Crafty Cousins

Christmas Eve night, the Dyer girls got crafty.  My cousin Kristen had bought a gingerbread house kit at Sam’s club for $5 on a whim and asked us if we’d like to entertain ourselves by putting it together.  Of course we did!

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We sat around Granny and Papa’s table and giggled and cut up like old times as we took a stab at confectionery construction.  We’ve had some good times and crazy conversations at that table.  One thing is for sure: what happens at Granny and Papa’s table stays at Granny and Papa’s table.

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Though we were certainly enjoying ourselves, we took our craft very seriously, too.  We worked hard to get the walls and roof pieces to stick together.  We even enlisted the pepper and jam containers sitting on the table to hold the pieces in place as they set.  We soon discovered that our “mortar” (icing) wasn’t exactly of the highest quality.  I had the bright idea to use marshmallow creme as a binding agent because, as I recalled, it sticks to EVERYTHING.  It wasn’t exactly easy to control, unfortunately, so one side of the house looked like it had insulation bursting out between the roof and the walls.  Rookie mistake.  We kept that side concealed from our photographer.

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The kit also came with fondant (or fon-DANT! if you’re my enthusiastic cousin Kristen) to make the doors and windows.

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It was looking a little rough there for a while, but with the addition of the windows, bushes, random peppermints adornments, layer upon layer of frosting that tasted like joint compound but didn’t act like it, and dusted flour (an improvised touch) it really came together.  You could barely tell it was homemade.  Ha.

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Papa did say it was the prettiest house he’d ever seen.   It was charming in a very haphazard, out of plumb kind of way.

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This is where the $5 cost came into play.

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Not 5 minutes after we completed the house, disaster struck and it toppled to its death on the way to the dining room table from the kitchen table.  No one was sadder than Granny.  She almost cried for us.  We took it pretty well.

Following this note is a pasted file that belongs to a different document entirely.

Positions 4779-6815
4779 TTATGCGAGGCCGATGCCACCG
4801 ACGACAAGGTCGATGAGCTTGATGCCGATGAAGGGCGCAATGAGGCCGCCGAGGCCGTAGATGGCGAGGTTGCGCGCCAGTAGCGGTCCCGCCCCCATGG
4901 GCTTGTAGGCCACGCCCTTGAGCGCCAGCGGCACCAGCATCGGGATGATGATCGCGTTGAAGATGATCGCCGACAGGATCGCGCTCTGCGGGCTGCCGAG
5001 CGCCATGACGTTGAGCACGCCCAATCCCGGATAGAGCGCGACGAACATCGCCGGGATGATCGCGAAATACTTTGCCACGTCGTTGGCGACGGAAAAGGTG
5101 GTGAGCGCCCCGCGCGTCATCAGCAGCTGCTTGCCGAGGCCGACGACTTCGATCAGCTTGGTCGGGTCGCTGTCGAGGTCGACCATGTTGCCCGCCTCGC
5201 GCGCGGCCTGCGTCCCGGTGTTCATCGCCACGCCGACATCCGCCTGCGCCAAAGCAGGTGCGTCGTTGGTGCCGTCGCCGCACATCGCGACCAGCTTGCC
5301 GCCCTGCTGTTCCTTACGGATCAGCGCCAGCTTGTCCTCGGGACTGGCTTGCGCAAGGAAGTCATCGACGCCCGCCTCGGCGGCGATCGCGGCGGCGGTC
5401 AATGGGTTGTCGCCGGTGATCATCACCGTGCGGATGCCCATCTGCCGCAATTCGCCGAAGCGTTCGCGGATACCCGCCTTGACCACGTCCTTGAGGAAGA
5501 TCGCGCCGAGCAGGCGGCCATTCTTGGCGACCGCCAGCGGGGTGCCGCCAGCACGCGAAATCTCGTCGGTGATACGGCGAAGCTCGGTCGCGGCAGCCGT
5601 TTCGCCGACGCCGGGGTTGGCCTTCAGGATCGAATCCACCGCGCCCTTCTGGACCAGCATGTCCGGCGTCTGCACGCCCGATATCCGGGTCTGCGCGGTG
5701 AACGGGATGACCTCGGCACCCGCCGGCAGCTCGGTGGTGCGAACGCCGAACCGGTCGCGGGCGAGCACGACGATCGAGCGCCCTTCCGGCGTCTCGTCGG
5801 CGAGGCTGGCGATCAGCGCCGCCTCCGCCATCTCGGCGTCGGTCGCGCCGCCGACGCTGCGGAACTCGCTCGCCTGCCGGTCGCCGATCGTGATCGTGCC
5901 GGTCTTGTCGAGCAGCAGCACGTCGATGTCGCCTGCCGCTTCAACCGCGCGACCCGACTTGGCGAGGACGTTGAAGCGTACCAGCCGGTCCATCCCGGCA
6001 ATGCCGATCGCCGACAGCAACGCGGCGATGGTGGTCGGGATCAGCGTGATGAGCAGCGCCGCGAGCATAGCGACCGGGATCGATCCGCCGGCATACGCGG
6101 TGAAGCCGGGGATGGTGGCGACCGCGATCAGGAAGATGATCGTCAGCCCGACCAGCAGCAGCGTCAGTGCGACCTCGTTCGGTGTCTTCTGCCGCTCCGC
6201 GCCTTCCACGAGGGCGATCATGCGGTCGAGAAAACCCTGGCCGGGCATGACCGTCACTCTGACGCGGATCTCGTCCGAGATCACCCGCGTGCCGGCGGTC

For next year, we’ve vowed to make our own superglue-infused icing and construct the house out of graham crackers instead of gingerbread so the walls and roof aren’t so heavy.  Just wait for it.  It will be epic.  And we’ll have Papa write us a State Farm homeowners’ policy just in case.

Y’all come back,

Sugarlump

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Christmases Past

I stumbled across a few gems from Christmases in the late 1980’s/early 1990’s.

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Evidently, I used to be a Christmas angel.

(My mother just informed me that this was not a good day.

Apparently, I did not want to have my picture taken.

Can you blame me?

Two words, Mom: white tights.)

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While sitting to have my picture made was not high on my list, I certainly got my money’s worth out of my toys.  Never was a child more content to play with her dollhouse for hours on end.

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I enjoyed commanding the attention of many a den full of family members.

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I was happy to pitch in and help document the family Christmas.

(Thankfully, Fashion Police hasn’t gotten wind of these pants.  I was a very skinny toddler and all I can say about these pants is that my mother must have had high hopes that I would expand drastically and require pant legs large enough to store my toys in.  No such luck.  I bet even now I wouldn’t have an issue getting those things over my thighs.)

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Christmases were going swimmingly.

(Aside from the fashion.)

And then suddenly I wasn’t the only grandchild anymore….

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By 1993, there were four.

Oh how Christmases have changed over the last couple of decades…

Merry Christmas, y’all,

Sugarlump

Showing Cattle

Yet another gem from the childhood summer adventures of cousins Lauren and Emily, here we have documentation of our days showing cattle.

In preparation for our debut at the fair, Granny took us to the big city of Bowling Green to get some matching outfits.  We landed on these precious denim vests, black shorts and black boots. Naturally, we chose to coordinate our socks with our t-shirts.  And in case you missed them, we were wearing gigantic black bows.  We kind of had a double layer Oreo thing going with the black and white.  Granny added a nice touch by sewing little sunflower patches onto our vests.  I think they really pulled the look together.

Here we are posing with our trophy cow. She was just thrilled to have a couple of little girls around.

This young lady certainly wasn’t going anywhere with all of us anchoring her rope.  We were so much help.  For all I know, this cow might have been a young man.

That’s my dad in the red cap.

I can’t help but notice that this calf and I have nearly the same leg shape: knobby.

Man was I happy to be there.

We don’t seem to have any pictures of me and Lauren showing our calves individually.  Poor cousin Lauren got a wild one and I think he stepped on her foot a time or two.  She persevered.

Granny and Eugene cheered us on from the stands as we won a few ribbons for our efforts.   The event concluded with a celebratory Sippy cup of apple juice.

Today, cousin Lauren turned 22.  In the 17 years since these photos were taken, she has learned a tremendous amount about cattle and showing them.  Regrettably, the same cannot be said for me.  Maybe someday we’ll get back out there in our sunflower vests and cousin Lauren can give me a few pointers.

Happy Birthday, Lauren!  I will always treasure our summer adventures.

Y’all hurry back,

Sugarlump

Dynamic Duo

When we were little, cousin Lauren and I were a seriously dynamic duo. Every time I would come to visit, we got into all sorts of things at Granny and Papa’s. We had miniature chairs (which I believe had been … Continue reading